Almost every software developer I know is fascinated by software architecture and design. High-level architecture and design patterns are concepts that beginner developers least understand. For most of us, programming is relatively easier to learn; usually good aptitude and decent logical skills are enough to be a good programmer. But architecture is altogether a different beast to handle. It is more of an art, and usually takes years of experience to master.
In this chapter, we will focus on:
Understanding architecture and design from a practical viewpoint
What Design patterns are
Different stages of a project lifecycle
Difference between tiers and layers
There are many different definitions of software architecture scattered across the web, in reference materials, and in books. In the wide world of programming, many of the definitions you may find are most likely going to be extremely technical in the language they use, and can be difficult for a beginner to fully grasp and understand. There are even places on the web that list thousands and thousands of different definitions by leading software architects, engineers, doctors, philosophers, and professors. (Reference: http://www.sei.cmu.edu/architecture/community_definitions.html).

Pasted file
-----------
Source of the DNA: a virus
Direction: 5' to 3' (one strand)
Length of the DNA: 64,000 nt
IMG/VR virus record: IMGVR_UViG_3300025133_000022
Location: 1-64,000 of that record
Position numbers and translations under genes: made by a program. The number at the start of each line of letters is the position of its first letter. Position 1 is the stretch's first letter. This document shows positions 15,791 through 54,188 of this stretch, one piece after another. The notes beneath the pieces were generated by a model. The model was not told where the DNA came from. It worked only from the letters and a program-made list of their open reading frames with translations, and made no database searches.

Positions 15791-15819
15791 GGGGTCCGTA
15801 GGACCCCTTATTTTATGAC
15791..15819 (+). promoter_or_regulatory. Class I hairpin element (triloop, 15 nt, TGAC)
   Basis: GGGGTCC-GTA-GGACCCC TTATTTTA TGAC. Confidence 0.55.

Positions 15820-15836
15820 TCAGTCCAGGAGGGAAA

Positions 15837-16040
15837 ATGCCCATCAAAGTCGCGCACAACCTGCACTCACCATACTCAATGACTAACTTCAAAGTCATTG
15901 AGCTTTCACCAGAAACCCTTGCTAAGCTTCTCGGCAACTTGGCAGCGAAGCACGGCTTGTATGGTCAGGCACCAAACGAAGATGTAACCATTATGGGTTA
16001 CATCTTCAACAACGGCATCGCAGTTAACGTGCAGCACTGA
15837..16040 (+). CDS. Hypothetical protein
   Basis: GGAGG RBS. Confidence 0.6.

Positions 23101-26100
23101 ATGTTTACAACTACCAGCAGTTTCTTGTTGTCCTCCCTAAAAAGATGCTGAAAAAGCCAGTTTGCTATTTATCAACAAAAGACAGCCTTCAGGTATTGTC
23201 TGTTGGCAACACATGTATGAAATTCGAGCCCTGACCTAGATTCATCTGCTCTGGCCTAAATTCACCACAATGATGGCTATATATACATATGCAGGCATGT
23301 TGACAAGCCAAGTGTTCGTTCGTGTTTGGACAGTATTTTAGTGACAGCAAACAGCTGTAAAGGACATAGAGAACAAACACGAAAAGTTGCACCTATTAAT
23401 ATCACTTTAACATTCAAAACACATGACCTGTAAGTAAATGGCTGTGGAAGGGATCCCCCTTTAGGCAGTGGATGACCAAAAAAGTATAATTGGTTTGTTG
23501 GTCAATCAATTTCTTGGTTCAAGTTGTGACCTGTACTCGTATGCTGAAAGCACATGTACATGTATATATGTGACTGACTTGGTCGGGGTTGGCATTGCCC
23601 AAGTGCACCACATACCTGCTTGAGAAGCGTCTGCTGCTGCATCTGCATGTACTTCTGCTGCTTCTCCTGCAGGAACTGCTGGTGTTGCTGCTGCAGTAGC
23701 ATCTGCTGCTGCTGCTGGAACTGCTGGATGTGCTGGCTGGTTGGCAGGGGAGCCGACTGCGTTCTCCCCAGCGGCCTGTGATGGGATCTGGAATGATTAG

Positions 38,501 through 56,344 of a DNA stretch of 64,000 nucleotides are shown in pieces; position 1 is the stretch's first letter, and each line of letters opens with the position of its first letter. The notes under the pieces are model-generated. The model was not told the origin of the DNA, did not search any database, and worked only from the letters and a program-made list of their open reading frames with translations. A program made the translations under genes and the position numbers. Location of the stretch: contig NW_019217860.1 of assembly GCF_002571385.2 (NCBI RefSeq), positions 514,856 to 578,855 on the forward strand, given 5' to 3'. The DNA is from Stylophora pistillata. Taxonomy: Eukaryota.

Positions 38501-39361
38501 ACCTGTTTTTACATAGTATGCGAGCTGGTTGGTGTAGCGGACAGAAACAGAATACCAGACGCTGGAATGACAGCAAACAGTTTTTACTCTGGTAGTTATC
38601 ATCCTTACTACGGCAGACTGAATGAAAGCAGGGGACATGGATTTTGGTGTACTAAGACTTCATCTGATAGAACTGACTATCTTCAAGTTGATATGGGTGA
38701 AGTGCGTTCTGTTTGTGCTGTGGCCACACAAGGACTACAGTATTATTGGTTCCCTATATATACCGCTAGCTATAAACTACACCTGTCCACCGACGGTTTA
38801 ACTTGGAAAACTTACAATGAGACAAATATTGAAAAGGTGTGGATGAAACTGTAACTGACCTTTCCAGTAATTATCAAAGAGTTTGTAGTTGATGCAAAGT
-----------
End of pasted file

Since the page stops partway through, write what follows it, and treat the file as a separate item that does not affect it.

To begin with, let's start with a technical definition:
Software architecture is an abstraction, or a high-level view of the system. It focuses on aspects of the system that are most helpful in accomplishing major goals, such as reliability, scalability, and changeability. The architecture explains how you go about accomplishing those goals.
Now we will translate this definition into something simple, generic, and easy to understand:
Software architecture is a blueprint of your application.
To elaborate more on the "blueprint" part, let us try to understand software architecture with a simple analogy—the process of casting.
Casting is a manufacturing process in which a liquid material is poured into a mold that contains a hollow cavity of a desired shape. The liquid is then allowed to cool and solidify, taking the shape of the mold it was poured into. The mold is the guide that shapes the liquid into the intended result. Keep in mind that the mold can be of any shape, size, or dimension, and is separate or unrelated to the liquid that is poured in.
Now, think of software architecture as the mold and think of your project as the liquid that is poured into this mold. Just like casting, software architecture is the guide that shapes your project into the intended result. The architecture of a software system has no strict relation to the actual code that is written for this system. The architecture simply makes sure that the development process stays within certain defined limits.